What are the challenges facing IFM? What is the nature of the big private investment deals ahead and how can you access them? How will the global investment opportunity set evolve?
Governments globally are examining options to enhance energy security, which is even more important now.
In the EU and UK, especially, the geopolitical imperatives for developing renewable energy have become clearer and industry commentators have flagged the potential for these events to provide a catalyst in accelerating investment in the net zero transition.
But the scale and complexity of this task cannot be understated. One stat that I keep close to hand is the International Energy Agency statement that by 2030 close to US$1 trillion ($1.37 trillion) will be needed annually for clean energy infrastructure. That's annually.
This is likely to spur the creation and adoption of new technologies, products and modes of transport, which in turn create new business and investment opportunities. In addition to increasing renewable energy capacity, we also need to encourage the take-up of low-carbon fuels, increase investment in infrastructure that supports electrification, and develop carbon capture and storage facilities.
At IFM, we are certainly active across these areas, building our skills, resources and networks to keep pace with developments and deploying substantial capital into these new energy opportunities. One of our funds has recently invested in ERG - one of Europe's largest independent green power producers and developers.
However, investment in new infrastructure is only part of the solution. Some estimates show that half of the global infrastructure of 2050 is already built, under construction or being planned, implying that active transition strategies will be necessary to meet carbon reduction targets. The role of existing infrastructure in a net zero world is significantly understated. There are, and will continue to be, attractive investment opportunities in transitioning infrastructure assets to generate long-term investment returns.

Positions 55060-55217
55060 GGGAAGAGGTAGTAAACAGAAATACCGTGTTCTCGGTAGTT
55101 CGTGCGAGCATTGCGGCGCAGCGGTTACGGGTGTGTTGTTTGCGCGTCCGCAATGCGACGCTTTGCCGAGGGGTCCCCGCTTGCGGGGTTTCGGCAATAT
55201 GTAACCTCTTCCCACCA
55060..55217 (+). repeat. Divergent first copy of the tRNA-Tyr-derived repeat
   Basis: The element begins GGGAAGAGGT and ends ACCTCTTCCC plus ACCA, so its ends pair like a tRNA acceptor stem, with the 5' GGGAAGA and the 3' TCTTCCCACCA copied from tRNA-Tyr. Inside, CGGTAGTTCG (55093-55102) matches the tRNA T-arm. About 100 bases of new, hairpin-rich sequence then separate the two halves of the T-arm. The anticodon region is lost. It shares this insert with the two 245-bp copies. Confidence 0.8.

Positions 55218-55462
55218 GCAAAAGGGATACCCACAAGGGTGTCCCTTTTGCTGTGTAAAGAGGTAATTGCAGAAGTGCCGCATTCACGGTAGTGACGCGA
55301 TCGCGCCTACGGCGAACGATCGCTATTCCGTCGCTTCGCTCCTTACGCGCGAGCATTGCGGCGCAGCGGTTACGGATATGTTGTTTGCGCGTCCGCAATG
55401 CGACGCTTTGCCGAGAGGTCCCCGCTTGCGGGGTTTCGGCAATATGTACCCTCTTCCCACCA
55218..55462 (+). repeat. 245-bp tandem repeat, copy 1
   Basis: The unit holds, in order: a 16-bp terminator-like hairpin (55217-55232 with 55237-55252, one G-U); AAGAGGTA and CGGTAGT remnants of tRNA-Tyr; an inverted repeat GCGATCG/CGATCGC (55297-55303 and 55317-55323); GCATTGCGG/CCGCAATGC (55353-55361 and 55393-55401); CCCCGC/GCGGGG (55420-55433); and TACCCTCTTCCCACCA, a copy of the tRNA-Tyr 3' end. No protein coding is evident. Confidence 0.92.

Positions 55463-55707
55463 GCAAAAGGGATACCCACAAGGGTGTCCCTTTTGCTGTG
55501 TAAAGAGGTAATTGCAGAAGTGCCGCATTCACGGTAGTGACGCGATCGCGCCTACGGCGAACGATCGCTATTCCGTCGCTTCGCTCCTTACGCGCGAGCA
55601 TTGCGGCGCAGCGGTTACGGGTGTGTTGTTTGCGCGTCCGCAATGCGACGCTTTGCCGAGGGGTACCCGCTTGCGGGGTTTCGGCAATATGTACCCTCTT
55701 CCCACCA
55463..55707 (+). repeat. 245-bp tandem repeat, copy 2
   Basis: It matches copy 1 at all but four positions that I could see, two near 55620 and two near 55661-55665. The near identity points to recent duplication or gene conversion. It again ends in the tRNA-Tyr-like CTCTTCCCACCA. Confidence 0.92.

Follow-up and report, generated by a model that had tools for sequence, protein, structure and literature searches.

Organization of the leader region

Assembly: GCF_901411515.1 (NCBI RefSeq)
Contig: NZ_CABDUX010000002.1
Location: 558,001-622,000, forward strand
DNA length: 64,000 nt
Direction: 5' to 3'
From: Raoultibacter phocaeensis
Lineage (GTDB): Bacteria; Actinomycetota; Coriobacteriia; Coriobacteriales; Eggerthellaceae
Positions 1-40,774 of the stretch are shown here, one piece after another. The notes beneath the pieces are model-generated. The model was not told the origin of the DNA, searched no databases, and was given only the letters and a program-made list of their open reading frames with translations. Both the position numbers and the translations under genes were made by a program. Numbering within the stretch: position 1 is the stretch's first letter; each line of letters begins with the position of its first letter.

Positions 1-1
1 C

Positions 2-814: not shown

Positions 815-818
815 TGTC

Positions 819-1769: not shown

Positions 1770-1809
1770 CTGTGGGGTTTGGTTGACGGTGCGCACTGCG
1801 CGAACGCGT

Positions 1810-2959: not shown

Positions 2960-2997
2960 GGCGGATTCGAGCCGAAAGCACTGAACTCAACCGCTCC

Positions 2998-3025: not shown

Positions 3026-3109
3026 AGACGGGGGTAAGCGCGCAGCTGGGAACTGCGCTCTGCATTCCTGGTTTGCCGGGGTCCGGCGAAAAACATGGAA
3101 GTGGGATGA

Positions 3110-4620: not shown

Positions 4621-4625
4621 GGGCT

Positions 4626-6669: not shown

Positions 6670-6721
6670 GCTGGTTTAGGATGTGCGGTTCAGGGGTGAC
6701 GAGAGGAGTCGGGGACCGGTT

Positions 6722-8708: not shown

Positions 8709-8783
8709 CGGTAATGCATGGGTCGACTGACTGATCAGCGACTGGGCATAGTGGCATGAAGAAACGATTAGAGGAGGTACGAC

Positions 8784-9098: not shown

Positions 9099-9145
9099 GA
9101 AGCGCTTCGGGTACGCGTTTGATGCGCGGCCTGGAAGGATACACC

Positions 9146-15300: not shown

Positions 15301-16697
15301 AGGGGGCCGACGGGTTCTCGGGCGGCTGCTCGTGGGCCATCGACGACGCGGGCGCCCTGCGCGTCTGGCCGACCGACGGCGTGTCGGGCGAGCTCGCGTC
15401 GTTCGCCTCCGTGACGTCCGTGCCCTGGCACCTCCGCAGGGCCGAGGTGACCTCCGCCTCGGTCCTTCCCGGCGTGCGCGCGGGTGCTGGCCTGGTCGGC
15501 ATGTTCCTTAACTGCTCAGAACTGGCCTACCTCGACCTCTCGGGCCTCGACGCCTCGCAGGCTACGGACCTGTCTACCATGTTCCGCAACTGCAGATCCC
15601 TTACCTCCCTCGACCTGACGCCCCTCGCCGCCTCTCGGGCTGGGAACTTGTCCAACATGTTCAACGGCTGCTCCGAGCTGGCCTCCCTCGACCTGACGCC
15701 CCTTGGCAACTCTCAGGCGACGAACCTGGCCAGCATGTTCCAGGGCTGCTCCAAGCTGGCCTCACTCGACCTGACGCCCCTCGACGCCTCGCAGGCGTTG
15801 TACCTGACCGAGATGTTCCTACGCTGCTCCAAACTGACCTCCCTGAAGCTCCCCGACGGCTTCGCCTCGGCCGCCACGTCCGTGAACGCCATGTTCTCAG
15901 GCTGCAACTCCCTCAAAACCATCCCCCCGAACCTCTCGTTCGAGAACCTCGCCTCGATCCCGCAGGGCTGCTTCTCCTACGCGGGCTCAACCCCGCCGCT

Investing in behind-the-meter clean energy is one example - it can reduce costs and almost certainly improves the resilience of the asset in the long term. Our airport assets now have substantial clean energy behind the meter. Vienna Airport has Austria's biggest solar plant, and Melbourne Airport has just completed building a solar farm with 30,000 solar panels that deliver 15 per cent of the airport's electricity needs.
We are also able to benefit from the scale of our portfolio. In Australia, we have set up a renewable energy Power Purchasing Agreement program across our Australian assets. We worked on the PPA in collaboration with another asset owner, QIC, to facilitate the supply of more than 400Gwh of renewable energy each year by 2025. It will help many of these assets achieve net zero earlier than planned.
And critically, all of these initiatives are accretive to the financial performance of these assets while the lack of strategic consideration for transitioning to a low-carbon economy could undermine the long-term financial sustainability of any business.
Although a necessary task, transitioning infrastructure assets to a net zero economy is complex and challenging and must be done with the recognition that infrastructure assets, by definition, are essential services. We must recognise the urgency of the transition task, but equally, we must plan and be organised about how we achieve it.
In a recent speech, you stressed the need for greater collaboration between pension funds and fund managers. Will we see this?
As we continue to understand more about the environmental and social system around us, and how it is changing, and as it becomes clearer that as a global community we are not making the progress we need to at the pace we need to, it is also becoming clear that to deliver strong long-term returns for our beneficiaries, and the generations of beneficiaries after them to whom we also owe a fiduciary responsibility, investors like ourselves need to be working to strengthen the system itself, not just individual assets within it.